So it’s that time of year again: your baseball friends are glued to the postseason, and the NFL is heating up, while your Fantasy Premier League team is on a two-week vacation. Just great.

Who even needs international breaks anyway?

Well, the truth is, we all need them. We go through the same motions each gameweek. For the two days after the weekend matches we are counting our points, checking our mini-leagues and posting bragging rights all over social media. Come Wednesday and we’re already trawling the web for Captain tips and driving our mates mad with rate my team requests. Saturday arrives and the cycle kicks back into gear.

The international break gives fantasy managers two weeks to comb through their team, to jump aboard bandwagons, ship out injured or underperforming players, and plan for the weeks ahead. It’s what I call the FIT method. Hit it up and you’ll have your fantasy team match fit when game week 8 arrives.


If you haven’t already, it’s time to pick up the form players. Seven weeks is a millennium in fantasy football and there are trends you can’t ignore, and players you’ve got to break up with. For real this time.

Over the past four game weeks Angel di Maria has picked up 40 FPL points with three goals and three assists. That’s 10 more points than second placed Diego Costa. He has also collected more bonus points (seven) than any player.

In the same time period, Costa has scored five goals. Ageuro, Pelle, Berahino, Ulloa, and Mo Diame each have three. Victor Moses, Cesc Fabregas and Stewart Downing have each assisted three goals.

That’s the picture of form, and they are the players you should be keeping an eye out for?

But the international break can do something else. With plenty of fantasy players representing their countries in high profile games or visits to footballing minnows, the international action can play some players into form. Case in point: Angel di Maria.

United’s capture of the Argentinian winger held plenty of promise for fantasy fans but Di Maria’s debut performance at Burnley produced a mere three points.

He needed time to settle in to English football, right? And he did just that, scoring and assisting three others against Germany during the season’s first international break. And then, four weeks and 40 FPL points later, the proof is the pudding, and those who didn’t sign him up are looking for places to hide.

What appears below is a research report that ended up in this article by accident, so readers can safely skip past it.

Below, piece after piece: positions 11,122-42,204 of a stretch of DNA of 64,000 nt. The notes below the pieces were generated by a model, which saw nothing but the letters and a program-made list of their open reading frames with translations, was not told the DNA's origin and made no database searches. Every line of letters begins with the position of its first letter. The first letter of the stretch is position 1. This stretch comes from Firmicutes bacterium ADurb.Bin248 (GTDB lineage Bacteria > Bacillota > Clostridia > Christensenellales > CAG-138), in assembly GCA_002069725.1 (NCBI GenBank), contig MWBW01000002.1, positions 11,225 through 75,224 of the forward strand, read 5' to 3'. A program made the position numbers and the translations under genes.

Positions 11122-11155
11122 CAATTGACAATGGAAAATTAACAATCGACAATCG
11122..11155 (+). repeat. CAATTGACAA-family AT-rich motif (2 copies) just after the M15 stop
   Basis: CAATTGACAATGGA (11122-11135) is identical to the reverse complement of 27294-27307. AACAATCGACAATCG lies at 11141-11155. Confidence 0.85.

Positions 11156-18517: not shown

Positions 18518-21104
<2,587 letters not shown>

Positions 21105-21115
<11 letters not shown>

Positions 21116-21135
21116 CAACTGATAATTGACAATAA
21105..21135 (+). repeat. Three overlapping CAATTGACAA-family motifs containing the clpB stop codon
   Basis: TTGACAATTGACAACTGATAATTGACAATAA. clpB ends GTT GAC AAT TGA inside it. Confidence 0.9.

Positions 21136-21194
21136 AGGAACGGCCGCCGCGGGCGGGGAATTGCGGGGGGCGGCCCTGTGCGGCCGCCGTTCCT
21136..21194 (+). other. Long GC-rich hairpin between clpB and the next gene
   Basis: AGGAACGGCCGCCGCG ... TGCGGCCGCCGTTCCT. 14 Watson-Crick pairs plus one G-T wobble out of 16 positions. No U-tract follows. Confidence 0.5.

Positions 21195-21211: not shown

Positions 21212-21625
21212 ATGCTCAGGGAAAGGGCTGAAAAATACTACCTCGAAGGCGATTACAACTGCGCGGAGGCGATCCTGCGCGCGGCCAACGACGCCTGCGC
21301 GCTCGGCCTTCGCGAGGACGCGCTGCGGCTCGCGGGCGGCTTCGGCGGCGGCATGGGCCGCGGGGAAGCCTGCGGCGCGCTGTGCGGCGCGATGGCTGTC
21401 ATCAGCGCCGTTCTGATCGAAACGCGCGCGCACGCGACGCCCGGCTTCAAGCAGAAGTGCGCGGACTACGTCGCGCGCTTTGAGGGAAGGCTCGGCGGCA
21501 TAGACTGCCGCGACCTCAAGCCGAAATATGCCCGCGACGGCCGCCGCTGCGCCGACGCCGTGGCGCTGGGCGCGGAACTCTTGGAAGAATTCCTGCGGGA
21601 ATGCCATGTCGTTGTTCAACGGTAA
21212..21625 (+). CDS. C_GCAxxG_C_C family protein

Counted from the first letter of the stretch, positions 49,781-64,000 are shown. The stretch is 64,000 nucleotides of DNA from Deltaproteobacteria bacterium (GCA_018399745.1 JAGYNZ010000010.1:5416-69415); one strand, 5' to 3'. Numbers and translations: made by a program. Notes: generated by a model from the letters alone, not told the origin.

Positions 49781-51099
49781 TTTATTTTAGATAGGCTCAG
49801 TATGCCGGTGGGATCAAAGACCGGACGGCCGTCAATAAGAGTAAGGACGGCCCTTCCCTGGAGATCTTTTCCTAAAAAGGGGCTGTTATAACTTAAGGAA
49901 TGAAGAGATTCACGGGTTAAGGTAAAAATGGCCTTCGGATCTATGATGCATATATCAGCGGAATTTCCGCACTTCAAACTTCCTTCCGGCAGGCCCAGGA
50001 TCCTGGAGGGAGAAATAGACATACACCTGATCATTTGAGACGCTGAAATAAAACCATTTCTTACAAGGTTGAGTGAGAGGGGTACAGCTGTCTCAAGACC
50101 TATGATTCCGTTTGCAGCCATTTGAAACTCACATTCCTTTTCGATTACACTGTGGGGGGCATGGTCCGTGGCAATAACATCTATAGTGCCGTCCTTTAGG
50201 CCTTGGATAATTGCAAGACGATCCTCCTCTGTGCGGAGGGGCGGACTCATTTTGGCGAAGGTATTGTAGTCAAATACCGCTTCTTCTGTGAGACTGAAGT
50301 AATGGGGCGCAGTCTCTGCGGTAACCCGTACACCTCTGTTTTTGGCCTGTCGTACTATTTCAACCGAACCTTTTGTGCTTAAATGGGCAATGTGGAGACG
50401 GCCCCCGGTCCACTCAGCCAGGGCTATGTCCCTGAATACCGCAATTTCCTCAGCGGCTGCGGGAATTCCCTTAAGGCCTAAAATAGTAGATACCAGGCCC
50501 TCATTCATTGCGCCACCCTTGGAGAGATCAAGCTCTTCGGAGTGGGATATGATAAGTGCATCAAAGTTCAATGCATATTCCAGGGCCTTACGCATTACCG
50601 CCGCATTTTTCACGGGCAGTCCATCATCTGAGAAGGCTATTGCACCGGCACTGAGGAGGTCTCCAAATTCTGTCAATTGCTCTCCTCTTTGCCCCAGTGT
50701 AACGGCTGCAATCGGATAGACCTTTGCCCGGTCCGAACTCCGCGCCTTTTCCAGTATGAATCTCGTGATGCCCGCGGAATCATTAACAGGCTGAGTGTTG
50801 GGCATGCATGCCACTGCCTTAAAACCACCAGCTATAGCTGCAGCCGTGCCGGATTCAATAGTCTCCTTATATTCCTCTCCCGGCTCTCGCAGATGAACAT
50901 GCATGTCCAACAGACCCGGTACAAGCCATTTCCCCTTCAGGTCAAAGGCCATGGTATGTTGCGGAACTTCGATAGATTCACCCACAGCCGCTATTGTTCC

So whether or not you torture yourself by watching the international action this weekend, be sure to keep track of which players are hitting their stride.


This might seem like an obvious one but it is sometimes overlooked. A mate of a mate of mine clearly didn’t read the newspapers last international break and went into gameweek 4 with Daniel Sturridge leading his front line.

For some reason, players always seem to go down when representing their country, and not only does it make Premier League managers lose their cool, it can derail your fantasy plans too. So be sure to stay on top of all the injury news this weekend.

While you’re at it, a quick look at the disciplinary records of some players won’t hurt either. Calum Chambers has picked up his fifth yellow card (in five starts!) and will miss the Gunner’s next match against Hull City. Skipping information like this can have you staring at red arrows all weekend and make you want to avoid your workmates on Monday.


The final step in the FIT method is team. Once you’ve decided which players are in form, which can pack their stuff and go, and which are in good nick, it’s time to plan ahead.

Knowing a team’s schedule over the next four to six game weeks will not only help you avoid chasing results and racking up points hits, it will give you a good idea of the best players to invest in.

Southampton might have been stifled at White Hart Lane over the weekend, but they host Sunderland, Stoke and Leicester over the next five weeks, with trips to Hull and Aston Villa in between. Liverpool’s first three games after the break involve trips to cellar dwellers QPR and Newcastle, with a matchup against Hull at home squeeze into the equation.

On the other side of the coin, managers tempted by Diame’s form will take note of visits to Arsenal, Liverpool and United, as well as home matches against Tottenham and high-flying Southampton. United too, have a mixed bag of fixtures – Chelsea and neighbors Manchester City on the horizon.

Looking even further ahead might seem daunting but is also a great move. Deciding on your defensive rotation, for example, should involve a study of the fixtures until the next break (after New Year’s).


A final note for all those who are playing (or thinking about playing) their wildcard during the break.

Trying to play the value market often proves futile as you only receive half the amount that a player rises in value (when you sell). Now add to that the fact that price changes this year have come off steroids and are more subdued, and the play-your-wildcard-for-value theory goes out the window.

If you are reaching for that wildcard, make sure it is because your team needs a makeover. That’s what wildcards do, and that’s what they’re for.

Be sure to keep the FIT method in mind while you tinker with your team. Then go through it once again just in case. You don’t want to waste your wildcard!

That’s all from me here. Stay safe during the international break and good luck for when we go again in gameweek 8!